Protecting the emblems in peacetime: The experiences of the British Red Cross Society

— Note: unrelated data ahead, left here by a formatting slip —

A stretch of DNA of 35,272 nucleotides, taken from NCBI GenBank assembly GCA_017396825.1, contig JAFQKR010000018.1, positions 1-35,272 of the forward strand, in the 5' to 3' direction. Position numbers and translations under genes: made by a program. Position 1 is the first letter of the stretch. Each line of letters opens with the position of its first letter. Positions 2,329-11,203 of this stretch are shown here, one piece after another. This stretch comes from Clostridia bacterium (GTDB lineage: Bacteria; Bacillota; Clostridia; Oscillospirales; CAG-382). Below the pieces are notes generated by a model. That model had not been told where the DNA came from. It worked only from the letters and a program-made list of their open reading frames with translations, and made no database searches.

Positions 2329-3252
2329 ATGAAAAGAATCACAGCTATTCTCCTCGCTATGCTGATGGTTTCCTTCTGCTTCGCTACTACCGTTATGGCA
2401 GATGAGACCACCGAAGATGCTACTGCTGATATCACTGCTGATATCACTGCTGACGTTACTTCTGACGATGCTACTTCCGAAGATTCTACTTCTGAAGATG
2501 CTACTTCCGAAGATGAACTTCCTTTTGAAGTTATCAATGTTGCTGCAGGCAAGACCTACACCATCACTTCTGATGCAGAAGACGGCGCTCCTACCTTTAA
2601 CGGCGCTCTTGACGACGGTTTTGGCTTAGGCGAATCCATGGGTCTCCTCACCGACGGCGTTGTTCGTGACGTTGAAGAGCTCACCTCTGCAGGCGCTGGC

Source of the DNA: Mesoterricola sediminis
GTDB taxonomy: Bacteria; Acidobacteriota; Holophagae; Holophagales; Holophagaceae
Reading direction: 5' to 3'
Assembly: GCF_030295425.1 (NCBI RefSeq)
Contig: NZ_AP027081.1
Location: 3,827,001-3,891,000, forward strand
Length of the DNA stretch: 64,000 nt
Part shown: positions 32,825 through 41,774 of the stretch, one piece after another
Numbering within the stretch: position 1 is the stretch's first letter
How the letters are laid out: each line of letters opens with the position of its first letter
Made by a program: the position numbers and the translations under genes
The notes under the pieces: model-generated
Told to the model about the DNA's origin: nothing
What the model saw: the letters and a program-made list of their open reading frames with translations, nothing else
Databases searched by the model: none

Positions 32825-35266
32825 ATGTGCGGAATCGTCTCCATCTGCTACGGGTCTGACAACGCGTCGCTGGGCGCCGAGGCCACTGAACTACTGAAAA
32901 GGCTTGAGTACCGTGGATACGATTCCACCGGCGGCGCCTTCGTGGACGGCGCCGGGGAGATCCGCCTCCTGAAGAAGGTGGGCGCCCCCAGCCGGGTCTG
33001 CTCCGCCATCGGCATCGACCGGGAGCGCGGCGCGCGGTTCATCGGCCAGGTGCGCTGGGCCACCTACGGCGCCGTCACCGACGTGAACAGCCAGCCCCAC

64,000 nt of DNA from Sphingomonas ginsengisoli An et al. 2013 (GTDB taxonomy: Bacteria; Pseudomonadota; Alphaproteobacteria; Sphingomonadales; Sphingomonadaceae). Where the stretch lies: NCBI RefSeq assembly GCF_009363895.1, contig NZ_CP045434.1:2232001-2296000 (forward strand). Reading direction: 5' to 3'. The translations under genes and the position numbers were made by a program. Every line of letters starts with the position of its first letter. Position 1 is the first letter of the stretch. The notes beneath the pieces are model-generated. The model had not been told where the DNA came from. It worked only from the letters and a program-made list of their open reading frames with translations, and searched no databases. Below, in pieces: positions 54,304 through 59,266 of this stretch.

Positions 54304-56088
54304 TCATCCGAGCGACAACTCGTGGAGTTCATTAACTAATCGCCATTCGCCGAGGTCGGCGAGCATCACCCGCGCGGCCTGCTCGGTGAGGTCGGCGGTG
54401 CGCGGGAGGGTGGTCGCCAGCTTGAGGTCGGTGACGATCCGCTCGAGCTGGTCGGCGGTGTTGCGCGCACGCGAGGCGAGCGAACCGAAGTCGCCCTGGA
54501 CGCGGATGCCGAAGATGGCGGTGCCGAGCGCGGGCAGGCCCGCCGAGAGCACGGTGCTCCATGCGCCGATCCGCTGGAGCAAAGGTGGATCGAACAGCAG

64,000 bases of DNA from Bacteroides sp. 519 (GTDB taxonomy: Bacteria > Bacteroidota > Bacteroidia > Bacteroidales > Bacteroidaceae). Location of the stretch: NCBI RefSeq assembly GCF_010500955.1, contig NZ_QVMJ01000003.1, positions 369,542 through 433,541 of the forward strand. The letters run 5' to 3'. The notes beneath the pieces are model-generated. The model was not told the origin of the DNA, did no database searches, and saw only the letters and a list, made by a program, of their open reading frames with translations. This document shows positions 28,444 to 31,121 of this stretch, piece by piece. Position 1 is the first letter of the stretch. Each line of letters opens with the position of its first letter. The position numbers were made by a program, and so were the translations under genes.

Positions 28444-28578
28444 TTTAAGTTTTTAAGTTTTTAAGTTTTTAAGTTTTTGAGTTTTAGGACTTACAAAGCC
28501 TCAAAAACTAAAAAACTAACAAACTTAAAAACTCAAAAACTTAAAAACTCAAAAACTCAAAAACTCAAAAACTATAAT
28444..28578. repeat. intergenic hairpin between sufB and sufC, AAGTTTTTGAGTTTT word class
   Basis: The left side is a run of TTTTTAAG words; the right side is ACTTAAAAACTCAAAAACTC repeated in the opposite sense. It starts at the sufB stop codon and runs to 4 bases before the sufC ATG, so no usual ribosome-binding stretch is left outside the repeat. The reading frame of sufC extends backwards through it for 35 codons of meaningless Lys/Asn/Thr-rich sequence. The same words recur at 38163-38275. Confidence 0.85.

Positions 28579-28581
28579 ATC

The special significance of the red cross and red crescent emblems as internationally agreed symbols of protection and neutrality in armed conflict will be diluted if these emblems, or signs closely resembling them, are used randomly or for diffuse purposes in time of peace. In countries like the United Kingdom which for the most part have been spared armed conflict for the past 40 years, the red cross emblem has frequently become closely identified with first aid and with general health or medical care, its primary and unique meaning during armed conflict often being forgotten or unknown. For this reason it is perhaps particularly important for National Societies in such countries to help the authorities monitor unauthorised uses or misuses of the emblems, and the role of National Societies in this respect has been recognised under the 1986 International Statutes of the International Red Cross and Red Crescent Movement (Article 3  thereof). In addition, dissemination activities can help to enhance understanding of the purpose of the emblems. This short article will discuss practical aspects of the monitoring role of the British Red Cross Society.